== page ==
It’s hard for Vietnamese food to stand out in Wichita because:
1.There’s so much of it.
2.Virtually all of it is so good.
Nevertheless, the annual Vietnamese New Year’s dinner at St. Anthony Catholic Church manages the feat thanks to scores of parishioners who combine their culinary skills for a unique event.
From noon to 11 p.m. on Friday, Feb. 2, dozens of booths in the church’s activity center will serve up pho, banh mi, bun cha, fried rice, summer rolls and other sweet and savory delicacies amid New Year’s decorations and souvenirs, games and music.
It’s a little like being dropped inside a food hall in Da Nang where a good portion of the crowd is wearing Kansas City Chiefs gear.
The food sale resumes at 10 a.m. Saturday, Feb. 3, culminating in an elaborate multicourse seated dinner for reserved tables of eight in the center’s upper hall. The evening also features a dragon dance, auction, raffle and more music. Tables for this dinner will all be taken by the time you read this, but there’s always next year! (And plenty of food available outside the main hall late into the night).
St. Anthony, located just east of downtown at the corner of Second and Ohio, was established in 1886 for German Catholic families in the area. Today, it primarily serves Vietnamese Catholic immigrants and their families, although English masses are also offered. The current church, completed in 1905, underwent extensive renovations starting in 1999 and has received several historical preservation awards.
Mai Lee was one of the parishioners who suggested the dinner and food sale in 2018 as a way to raise money for the church. One of the “boat people” who came to Wichita in 1982, she works on the assembly line at Textron Aviation, which perhaps prepared her for coordinating an event with so many moving parts.
“We have a lot of people helping us cook — not only one or two days,” she said.
To produce the big dinner, Lee said, parish cooks divide up in five groups of 15 to 20 people. Last year’s dinner featured nine courses, starting with crab and asparagus soup and ending with a perfectly ripe kumquat. A few weeks before this year’s event, 80 people showed up to help make mung bean rice cakes, which can be frozen until they’re needed. Lee said as many as 1,000 bowls of pho, a noodle soup, may be served over two days.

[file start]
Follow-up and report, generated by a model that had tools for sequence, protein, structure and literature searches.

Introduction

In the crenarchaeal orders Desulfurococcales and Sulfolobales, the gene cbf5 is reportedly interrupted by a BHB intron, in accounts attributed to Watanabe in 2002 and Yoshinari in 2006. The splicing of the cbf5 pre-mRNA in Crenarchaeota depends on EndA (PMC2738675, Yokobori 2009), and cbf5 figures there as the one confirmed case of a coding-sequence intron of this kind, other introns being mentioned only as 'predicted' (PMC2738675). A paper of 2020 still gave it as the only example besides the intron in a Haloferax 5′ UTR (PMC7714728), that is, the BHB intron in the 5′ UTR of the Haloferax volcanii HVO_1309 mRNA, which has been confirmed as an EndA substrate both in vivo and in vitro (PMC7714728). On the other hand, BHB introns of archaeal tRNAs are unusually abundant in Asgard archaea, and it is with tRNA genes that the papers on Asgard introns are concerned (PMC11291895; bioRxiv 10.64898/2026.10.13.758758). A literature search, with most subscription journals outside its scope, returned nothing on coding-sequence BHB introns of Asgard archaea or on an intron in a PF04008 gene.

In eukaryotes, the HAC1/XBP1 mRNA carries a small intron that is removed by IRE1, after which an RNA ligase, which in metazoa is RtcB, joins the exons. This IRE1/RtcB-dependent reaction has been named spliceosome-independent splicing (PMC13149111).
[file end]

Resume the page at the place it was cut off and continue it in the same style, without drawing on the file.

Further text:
The dinner and sale have been discovered by non-Vietnamese. Lee estimates they make up about 20 percent of attendees.
“I couldn’t be any prouder of all my parish volunteers,” said Father Ben Nguyen, the church’s pastor. “They are extremely dedicated to providing the best food for the church community and all those who come to our doors.”
Bun Cha (Vietnamese Meatballs)
Here’s a popular Vietnamese dish. Try making it yourself, then compare to the version available at St. Anthony.
1 lb. ground pork
2 tablespoons fish sauce
1 tablespoon sugar
½ finely chopped green onions
3 cloves garlic, minced
½ teaspoon salt
Freshly cracked black pepper
Combine all ingredients in a bowl. Shape into 12 meatballs. Bake on a lightly greased pan in a 400-degree oven about 25 minutes or until done, turning once. Serve with nuoc cham (see accompanying recipe) and cooked rice or vermicelli noodles, cilantro, bean sprouts or other garnish.
Note: Fish sauce is available in Asian markets and the Asian aisle of some supermarkets.
3 tablespoons sugar
3 tablespoons fish sauce
2 tablespoons vinegar (preferably rice or apple)
2 tablespoons lime juice
1/3 cup water
1 jalapeno, serrano or thai chile, seeded and finely chopped
3 cloves garlic
Stir together all ingredients in a bowl until sugar is dissolved.